How Snakes Manage to Eat Meals Bigger Than Their Heads

How Snakes Manage to Eat Meals Bigger Than Their Heads
D. scabra after swallowing an egg. (Wikipedia)

A small African snake has been discovered to possess the incredible ability to consume meals that are many times larger than its head. Surprisingly, this feat surpasses even that of pythons, which are renowned for their ability to devour massive animals such as alligators, cows, and antelopes, and even humans. According to biologist Bruce Jayne from the University of Cincinnati, if a Guinness World Record were to be awarded, this snake would undoubtedly take the title.

Examining Snake Jaws

In a recent study published in the Journal of Zoology, Jayne utilized 3D-printed probes to examine the jaw width of two snake species: Dasypeltis gansi (commonly known as Gans’ egg-eater) and Pantherophis obsoletus (also referred to as black rat snakes). The three-foot-long D. gansi survives exclusively on bird eggs, while P. obsoletus is a generalist eater that primarily consumes rodents but also devours eggs, frogs, lizards, and birds.

Jayne’s research revealed that D. gansi possesses a remarkably flexible skin between its left and right lower jawbones, enabling it to expand its gape area by more than 50 percent. In contrast, black rat snakes can only increase their gape area by approximately 19 percent. Previous studies by Jayne have shown that Burmese pythons can expand their mouths by 43 percent, enabling them to consume larger animals like deer and alligators.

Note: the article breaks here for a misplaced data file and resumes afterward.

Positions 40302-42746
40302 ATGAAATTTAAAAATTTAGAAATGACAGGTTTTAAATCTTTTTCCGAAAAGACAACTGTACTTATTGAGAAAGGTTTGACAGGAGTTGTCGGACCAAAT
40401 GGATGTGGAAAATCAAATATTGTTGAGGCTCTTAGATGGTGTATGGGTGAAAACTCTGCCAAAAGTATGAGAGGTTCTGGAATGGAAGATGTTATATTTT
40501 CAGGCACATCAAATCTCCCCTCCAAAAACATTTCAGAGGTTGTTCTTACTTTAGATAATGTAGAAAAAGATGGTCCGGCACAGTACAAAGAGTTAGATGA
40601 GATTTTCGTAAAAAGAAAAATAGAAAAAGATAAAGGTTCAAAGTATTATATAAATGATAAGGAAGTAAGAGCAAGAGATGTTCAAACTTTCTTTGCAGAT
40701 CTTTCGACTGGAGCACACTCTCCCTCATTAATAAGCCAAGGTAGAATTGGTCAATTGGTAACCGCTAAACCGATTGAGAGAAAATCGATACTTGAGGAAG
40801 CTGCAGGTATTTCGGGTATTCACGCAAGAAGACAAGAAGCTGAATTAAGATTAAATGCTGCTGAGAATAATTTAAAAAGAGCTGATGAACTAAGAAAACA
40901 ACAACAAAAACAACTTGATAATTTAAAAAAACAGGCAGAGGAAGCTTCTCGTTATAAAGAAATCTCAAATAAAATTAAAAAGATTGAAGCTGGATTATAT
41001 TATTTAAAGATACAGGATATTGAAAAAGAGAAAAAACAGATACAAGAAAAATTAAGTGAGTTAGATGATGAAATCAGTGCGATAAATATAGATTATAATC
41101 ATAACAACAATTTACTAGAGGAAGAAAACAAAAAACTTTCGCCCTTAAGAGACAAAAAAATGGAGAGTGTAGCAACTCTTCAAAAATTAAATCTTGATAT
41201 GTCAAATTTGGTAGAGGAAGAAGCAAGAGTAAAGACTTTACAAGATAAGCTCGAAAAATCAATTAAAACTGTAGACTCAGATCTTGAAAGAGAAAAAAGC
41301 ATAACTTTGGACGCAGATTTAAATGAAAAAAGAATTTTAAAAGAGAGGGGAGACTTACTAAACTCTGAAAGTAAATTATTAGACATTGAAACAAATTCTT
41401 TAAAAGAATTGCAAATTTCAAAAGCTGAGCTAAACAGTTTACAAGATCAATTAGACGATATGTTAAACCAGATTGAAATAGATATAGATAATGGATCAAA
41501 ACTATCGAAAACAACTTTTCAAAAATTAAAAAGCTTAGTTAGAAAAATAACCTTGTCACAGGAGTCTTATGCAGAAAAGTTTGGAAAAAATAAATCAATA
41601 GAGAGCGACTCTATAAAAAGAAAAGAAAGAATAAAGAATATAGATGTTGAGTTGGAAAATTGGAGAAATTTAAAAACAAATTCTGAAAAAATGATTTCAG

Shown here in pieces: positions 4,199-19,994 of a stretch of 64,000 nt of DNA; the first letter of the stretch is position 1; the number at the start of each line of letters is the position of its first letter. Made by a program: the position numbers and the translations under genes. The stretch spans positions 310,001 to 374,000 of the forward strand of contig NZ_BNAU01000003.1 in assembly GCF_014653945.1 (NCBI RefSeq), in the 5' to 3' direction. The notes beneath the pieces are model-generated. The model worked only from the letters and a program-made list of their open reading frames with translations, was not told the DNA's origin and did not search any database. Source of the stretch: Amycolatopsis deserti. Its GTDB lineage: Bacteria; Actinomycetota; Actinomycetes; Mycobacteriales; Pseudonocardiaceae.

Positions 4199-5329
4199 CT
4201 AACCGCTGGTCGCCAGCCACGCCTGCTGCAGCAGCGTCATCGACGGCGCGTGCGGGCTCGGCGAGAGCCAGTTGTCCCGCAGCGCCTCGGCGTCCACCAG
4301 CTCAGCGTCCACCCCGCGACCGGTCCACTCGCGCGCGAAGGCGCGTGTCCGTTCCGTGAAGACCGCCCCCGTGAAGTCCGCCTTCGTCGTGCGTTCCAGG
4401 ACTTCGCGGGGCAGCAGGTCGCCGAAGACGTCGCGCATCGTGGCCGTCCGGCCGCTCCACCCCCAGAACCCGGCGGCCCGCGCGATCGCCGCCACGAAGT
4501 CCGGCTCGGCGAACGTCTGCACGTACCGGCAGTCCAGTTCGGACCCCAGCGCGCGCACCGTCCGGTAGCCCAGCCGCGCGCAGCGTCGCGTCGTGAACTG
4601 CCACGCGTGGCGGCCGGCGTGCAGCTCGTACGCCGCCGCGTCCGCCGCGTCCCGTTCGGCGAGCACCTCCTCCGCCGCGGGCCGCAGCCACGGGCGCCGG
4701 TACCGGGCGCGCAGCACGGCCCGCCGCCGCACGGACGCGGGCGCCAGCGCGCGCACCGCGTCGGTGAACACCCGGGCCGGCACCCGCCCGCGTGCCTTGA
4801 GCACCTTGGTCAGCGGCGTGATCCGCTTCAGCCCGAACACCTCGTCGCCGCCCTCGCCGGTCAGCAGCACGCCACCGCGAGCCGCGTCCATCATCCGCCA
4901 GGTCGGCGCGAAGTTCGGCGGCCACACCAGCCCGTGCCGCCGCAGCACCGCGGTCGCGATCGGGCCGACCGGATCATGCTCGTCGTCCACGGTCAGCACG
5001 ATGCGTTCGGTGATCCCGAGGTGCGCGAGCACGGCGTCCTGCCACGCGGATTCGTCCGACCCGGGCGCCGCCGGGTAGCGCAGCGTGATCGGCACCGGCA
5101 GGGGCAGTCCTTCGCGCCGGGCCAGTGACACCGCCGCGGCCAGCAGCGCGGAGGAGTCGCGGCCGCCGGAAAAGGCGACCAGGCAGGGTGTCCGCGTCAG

Evolutionary Significance of Gape Size in Snakes

According to Jayne, the larger gape of the Gans’ egg-eater serves a crucial evolutionary purpose. While other species that feed on rodents do not require such extensive mouth opening to meet their caloric needs, bird eggs, being mostly spherical, necessitate the ability to swallow larger masses. The Gans’ egg-eaters also possess other physical adaptations to accommodate their specialized diet. Their flexible spine allows them to crack open eggs after swallowing them, expelling the slimy contents before regurgitating the shells. These snakes are nearly toothless and possess a soft mouth, aiding in their ability to grip the smooth, spherical eggs.

This groundbreaking research challenges traditional assumptions about snake mouths, according to Bryan Maritz, a biologist from the University of the Western Cape in South Africa. Maritz, who was not involved in the study, explains that scientists have typically relied on proxies to measure snake gape, assuming that it correlates closely with head length. However, this study proves that this correlation is not always accurate.

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